BEIRUT: Hundreds of protesters gathered at the entrances to Beirut's "ring bridge" Sunday evening to close it off to traffic as part of ongoing anti-regime demonstrations across Lebanon.
Protesters blocked the road that connects east and west Beirut with their bodies, vehicles and even household goods such as mattresses and fridges.
They had opened the road Sunday morning after security forces had failed to keep it open it Saturday. Activists said the road was opened to allow easy access to participants in a large protest for Sunday afternoon in Downtown Beirut.
Security officials had agreed on a plan Saturday to open roads across the country without the use of violence.
As Sunday wore on, the numbers of protesters in the streets and squares continued to increase, with demonstrators enjoying the jubilant atmosphere, participating in "open discussions" organized by various universities and activist groups, and enjoying snacks from the dozens of stalls set up by astute vendors.
As the sun set, the lights of the protests shone again as demonstrators set off bright red flares and strobe lights beamed out from giant stages.
The northern city of Tripoli once again witnessed demonstrators gathering in the central Al-Nour Square, seemingly unfazed by the previous day's violence in nearby Beddawi.
Several people were injured in the town, which is around 5 kilometers north of Tripoli, as the Army attempted to open a road being blocked by protesters. The Army fired tear gas and rubber bullets in clashes with protesters; several demonstrators and soldiers were wounded.
Earlier Sunday, tens of thousands of protesters linked arms in a bid to form a 170-kilometer “Lebanese Human Chain” spanning the country from north to south to symbolize national unity.
By noon, hundreds had gathered along the coast of Beirut, Sidon, Tyre and Tripoli, joining hands on the 11th day of the nationwide uprising. Televised footage showed participants in Beirut, Sidon, Tyre and along the northbound highway, but it was not clear whether they formed a continuous human chain from Tyre to Tripoli as announced.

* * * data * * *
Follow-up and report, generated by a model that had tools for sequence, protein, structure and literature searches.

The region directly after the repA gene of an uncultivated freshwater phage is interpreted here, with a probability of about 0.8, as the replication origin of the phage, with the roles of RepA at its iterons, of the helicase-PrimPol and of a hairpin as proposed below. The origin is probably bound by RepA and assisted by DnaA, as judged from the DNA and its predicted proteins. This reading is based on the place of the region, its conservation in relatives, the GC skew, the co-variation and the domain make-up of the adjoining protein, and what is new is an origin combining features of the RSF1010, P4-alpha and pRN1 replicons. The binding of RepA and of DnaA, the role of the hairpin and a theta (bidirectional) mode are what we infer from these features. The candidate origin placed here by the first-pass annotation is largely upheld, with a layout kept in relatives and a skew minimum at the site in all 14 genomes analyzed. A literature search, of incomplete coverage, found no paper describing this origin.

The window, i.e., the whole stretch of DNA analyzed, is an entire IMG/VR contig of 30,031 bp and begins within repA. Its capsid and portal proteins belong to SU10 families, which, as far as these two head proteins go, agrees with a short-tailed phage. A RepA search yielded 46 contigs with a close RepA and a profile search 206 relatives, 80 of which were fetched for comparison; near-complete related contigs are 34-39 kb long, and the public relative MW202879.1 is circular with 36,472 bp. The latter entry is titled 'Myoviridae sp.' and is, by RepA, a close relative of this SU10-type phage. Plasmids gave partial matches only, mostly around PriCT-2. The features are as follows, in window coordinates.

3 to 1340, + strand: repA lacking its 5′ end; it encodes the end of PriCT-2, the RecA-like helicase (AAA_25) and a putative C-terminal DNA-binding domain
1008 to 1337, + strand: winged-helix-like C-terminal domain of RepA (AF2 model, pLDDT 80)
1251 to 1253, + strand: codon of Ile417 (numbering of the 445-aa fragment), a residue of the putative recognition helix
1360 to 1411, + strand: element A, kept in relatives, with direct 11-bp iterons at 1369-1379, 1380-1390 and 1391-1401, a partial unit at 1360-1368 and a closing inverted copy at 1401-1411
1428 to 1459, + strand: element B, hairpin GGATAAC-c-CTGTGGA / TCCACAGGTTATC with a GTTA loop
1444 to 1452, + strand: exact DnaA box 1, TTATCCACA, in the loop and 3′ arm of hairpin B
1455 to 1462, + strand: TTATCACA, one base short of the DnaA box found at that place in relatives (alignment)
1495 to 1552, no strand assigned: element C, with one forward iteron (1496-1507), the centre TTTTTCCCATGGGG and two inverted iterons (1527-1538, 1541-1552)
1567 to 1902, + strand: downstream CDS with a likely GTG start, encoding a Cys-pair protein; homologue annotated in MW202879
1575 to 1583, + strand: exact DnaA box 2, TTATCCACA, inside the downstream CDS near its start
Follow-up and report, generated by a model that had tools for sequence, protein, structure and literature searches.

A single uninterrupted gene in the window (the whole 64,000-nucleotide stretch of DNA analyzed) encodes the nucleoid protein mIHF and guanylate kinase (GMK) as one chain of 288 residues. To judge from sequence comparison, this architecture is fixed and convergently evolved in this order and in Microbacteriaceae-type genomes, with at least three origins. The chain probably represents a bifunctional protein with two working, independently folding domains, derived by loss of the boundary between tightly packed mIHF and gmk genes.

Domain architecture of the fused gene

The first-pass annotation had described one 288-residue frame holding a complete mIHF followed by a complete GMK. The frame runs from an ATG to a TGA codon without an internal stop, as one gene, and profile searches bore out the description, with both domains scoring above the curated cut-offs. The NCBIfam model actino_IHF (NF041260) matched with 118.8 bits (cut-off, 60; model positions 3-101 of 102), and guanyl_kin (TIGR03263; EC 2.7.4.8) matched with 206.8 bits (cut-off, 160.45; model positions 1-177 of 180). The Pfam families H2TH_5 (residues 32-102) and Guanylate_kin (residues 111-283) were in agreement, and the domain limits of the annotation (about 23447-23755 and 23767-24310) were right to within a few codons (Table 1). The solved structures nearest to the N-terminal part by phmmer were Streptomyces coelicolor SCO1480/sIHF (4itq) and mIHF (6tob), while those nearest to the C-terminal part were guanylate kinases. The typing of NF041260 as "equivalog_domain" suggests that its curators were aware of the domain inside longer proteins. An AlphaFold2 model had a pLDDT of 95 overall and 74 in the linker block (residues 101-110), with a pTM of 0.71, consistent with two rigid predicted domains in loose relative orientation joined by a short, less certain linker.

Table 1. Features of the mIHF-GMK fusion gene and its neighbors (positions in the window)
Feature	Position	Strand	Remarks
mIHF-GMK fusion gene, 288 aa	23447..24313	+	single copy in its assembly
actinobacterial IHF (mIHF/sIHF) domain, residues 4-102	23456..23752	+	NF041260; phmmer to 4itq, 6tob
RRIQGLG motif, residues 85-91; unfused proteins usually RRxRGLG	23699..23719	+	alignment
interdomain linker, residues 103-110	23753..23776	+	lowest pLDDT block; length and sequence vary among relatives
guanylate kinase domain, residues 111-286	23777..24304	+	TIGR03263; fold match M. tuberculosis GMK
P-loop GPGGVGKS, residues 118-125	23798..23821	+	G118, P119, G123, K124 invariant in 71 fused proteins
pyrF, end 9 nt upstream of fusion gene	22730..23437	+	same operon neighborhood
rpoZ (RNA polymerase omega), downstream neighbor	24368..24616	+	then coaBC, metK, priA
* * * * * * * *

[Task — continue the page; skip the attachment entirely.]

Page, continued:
However, organizer Julie Tegho Bou Nassif said that the participants successfully covered the entire distance by approximately 3 p.m., despite “some gaps.” Exact numbers of participants have not been confirmed but organizers estimated that 170,000 people would be needed to form a continuous chain.
The turnout “was very overwhelming to see and it confirmed our hunch that Lebanese people want to be unified and that they have come together,” Bou Nassif, who pioneered the concept, told The Daily Star shortly after the event ended at 3 p.m.
Cyril Bassil, one of the main organizers working with Bou Nassif, said that the human chain symbolized "the unity of Lebanon no matter what social class or religion you come from. ... We are all one."
"We’re all holding each other’s hand. When we think of each other as one, that’s when we start to work together. We need to live together and respect each other," he said.
Bou Nassif and that she and her sister Edith Tegho came up with the idea over breakfast last Tuesday and started a Facebook event that went viral shortly after.
Bassil explained that by Wednesday, there was a team of over 300 volunteers from south Lebanon to Akkar in the north.
"Now it’s probably quadrupled because people are spontaneously helping us on the ground," he said.
A protestor taking part in the human chain in the Raouche area said, “We’re proud to be Lebanese and that we are standing here to reclaim our rights.”
A participant in a wheelchair called on all Lebanese people to join the uprising.
“We are taking our independence now. ... This is the last chance for the Lebanese people” she said.
Throughout the day, the main highways connecting north and south Lebanon to Beirut remained blocked, while roads inside the capital were accessible.
The northbound highway was blocked in Zouk Mosbeh, Jal al-Dib, Jbeil and other areas, while the southbound highway was blocked in Jiyyeh.
A main road in Akkar’s Halba was later blocked by tires and cars, the state-run National News Agency reported.
Activists in Downtown, Zouk Mosbeh and Sidon conducted their daily clean-up campaign to clear the previous night’s trash Sunday morning. In Jal al-Dib, dozens gathered for the Sunday mass, which was held at the protest site.
Hundreds of thousands of Lebanese have been taking to the streets since Oct. 17 in protests against the ruling class and corruption. The protests started when ministers announced government proposals of tax hikes.
On Saturday, tens of thousands of Lebanese gathered in public squares in Beirut, Tripoli, Sidon, Tyre, Nabatieh, Jal al-Dib and Zouk Mosbeh, as well as in the Bekaa Valley and other areas across the country.
Lebanese expats held solidarity protests in Sydney, London and Montreal. Hundreds gathered in each city, holding Lebanese flags and singing patriotic songs.